Bexleyheath residents ‘very angry’ after council refuse to replant trees

by | Jan 26, 2015 | Featured Slider, Latest, News

Residents of a road in Bexleyheath are “very angry” at the council for refusing to replant their chopped-down trees – instead demanding they pay £230 per tree if they want them replaced.

Three large trees in Berkeley Avenue were cut down last year because of safety concerns – two had been loosened after the winter storms and one became diseased.

While residents are desperate to have them replaced, Bexley Council has refused to do so until 2018, citing budgetary constraints.

Instead it has offered locals a ‘Sponsor-A-Tree’ scheme, costing £230 per tree.

David Webb, 65, said: “I think residents thoughts are really that it is just crazy. I am paying my council tax, what am I paying for?

“Everyone I have spoken to has been very angry and upset.

“These trees are such an important part of our everyday life.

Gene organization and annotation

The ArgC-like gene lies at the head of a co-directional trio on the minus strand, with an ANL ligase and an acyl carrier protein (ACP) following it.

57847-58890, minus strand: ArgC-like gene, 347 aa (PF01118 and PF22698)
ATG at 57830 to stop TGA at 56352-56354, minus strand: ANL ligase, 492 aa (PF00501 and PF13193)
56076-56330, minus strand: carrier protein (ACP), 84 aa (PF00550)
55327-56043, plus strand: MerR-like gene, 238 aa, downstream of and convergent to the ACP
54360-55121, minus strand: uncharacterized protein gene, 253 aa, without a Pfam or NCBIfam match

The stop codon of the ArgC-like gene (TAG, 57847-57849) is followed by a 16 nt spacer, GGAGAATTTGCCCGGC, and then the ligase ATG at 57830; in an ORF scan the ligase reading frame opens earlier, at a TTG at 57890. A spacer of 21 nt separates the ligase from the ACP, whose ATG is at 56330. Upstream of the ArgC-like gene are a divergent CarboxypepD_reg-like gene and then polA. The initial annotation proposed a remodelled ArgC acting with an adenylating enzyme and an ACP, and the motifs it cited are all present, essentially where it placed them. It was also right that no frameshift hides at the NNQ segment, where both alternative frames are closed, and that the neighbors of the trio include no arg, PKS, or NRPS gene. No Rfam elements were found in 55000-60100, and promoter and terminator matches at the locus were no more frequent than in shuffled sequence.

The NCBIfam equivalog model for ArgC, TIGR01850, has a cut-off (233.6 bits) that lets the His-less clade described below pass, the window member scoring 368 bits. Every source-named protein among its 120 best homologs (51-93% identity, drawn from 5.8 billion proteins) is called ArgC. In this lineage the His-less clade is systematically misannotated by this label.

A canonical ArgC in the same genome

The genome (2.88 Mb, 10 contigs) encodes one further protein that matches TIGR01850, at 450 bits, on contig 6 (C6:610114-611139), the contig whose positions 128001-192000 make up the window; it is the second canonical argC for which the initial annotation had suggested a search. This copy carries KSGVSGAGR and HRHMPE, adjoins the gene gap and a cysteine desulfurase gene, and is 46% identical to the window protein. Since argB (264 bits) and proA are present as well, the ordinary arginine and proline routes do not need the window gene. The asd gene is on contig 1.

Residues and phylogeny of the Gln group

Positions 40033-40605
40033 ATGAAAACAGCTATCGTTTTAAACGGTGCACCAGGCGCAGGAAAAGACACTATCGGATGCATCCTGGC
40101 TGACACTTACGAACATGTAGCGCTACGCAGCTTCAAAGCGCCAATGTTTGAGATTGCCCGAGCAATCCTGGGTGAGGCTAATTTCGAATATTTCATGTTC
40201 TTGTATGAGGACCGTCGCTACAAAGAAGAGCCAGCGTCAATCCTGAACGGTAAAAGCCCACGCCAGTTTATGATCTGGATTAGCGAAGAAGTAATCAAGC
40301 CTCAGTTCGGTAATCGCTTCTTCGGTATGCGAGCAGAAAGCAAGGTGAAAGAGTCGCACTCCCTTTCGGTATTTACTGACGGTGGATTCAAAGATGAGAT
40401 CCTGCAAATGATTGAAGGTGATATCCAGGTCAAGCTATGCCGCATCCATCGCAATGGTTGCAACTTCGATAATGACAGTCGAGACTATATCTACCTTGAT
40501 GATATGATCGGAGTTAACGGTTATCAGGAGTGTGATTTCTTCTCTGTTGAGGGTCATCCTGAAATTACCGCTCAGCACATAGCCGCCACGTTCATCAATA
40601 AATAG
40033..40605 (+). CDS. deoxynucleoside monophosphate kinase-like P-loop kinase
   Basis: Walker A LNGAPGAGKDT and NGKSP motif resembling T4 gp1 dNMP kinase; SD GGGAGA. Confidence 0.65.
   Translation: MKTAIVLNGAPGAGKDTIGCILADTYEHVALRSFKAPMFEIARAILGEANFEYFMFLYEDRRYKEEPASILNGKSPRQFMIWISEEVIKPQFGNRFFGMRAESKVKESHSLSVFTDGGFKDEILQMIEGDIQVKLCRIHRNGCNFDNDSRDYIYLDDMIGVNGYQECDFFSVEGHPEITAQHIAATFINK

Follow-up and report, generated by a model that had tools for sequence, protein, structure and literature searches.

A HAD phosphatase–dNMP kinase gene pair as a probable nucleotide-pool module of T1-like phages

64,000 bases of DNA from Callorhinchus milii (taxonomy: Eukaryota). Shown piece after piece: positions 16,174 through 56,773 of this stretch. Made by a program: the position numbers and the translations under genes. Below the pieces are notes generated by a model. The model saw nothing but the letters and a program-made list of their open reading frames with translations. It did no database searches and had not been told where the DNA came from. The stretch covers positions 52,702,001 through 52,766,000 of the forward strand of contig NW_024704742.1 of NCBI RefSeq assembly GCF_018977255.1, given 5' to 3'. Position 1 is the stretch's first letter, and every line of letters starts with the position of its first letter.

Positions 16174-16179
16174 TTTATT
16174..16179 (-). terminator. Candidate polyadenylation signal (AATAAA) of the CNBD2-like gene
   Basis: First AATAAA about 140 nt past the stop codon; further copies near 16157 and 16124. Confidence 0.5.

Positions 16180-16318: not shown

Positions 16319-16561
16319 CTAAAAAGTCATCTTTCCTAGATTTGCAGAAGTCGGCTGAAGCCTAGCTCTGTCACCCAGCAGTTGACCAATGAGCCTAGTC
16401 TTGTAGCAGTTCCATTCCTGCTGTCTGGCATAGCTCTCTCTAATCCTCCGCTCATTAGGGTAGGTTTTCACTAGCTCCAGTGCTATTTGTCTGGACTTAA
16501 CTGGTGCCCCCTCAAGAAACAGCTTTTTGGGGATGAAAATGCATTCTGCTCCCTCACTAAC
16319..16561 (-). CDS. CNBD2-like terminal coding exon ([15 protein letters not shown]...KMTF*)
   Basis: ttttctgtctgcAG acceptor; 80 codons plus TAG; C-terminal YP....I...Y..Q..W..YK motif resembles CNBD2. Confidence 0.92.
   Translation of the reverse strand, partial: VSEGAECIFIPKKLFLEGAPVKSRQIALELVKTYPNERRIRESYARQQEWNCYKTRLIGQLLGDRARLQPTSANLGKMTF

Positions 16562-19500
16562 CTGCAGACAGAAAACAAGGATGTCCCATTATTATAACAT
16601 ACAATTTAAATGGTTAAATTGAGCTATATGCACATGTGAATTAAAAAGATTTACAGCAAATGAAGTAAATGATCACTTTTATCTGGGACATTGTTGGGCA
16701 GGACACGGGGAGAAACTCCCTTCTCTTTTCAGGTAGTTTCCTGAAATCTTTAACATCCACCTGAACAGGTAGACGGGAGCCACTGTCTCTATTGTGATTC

“The council is leaving a patchwork of non-replaced trees. It has made the road look bare.

“One man has kindly put forward money to replace one of the trees, but people don’t have the money to replace the others.”

The Bexley Council website reiterates the importance of trees in urban areas, saying, among other things, they improve air quality, support wildlife and reduce mental fatigue and stress.

Despite this, while Bexley has a high level of green space in comparison to other London boroughs, it came 31st out of 33 boroughs for street trees per km in a survey from 2011.

Mr Webb, a design engineer, added: “If this continues then it could lead to a decrease in property prices in the borough.”

A Bexley Council spokesman said: “It was with great reluctance that the council had to adopt a policy of not funding the replacement of trees once they have died, been cut down due to disease or to be made safe.

“However, the council appreciates that trees are important in enhancing the borough and that they bring with them a sense of well-being and happiness for many residents.

“That is why the Sponsor-A-Tree scheme has been introduced.”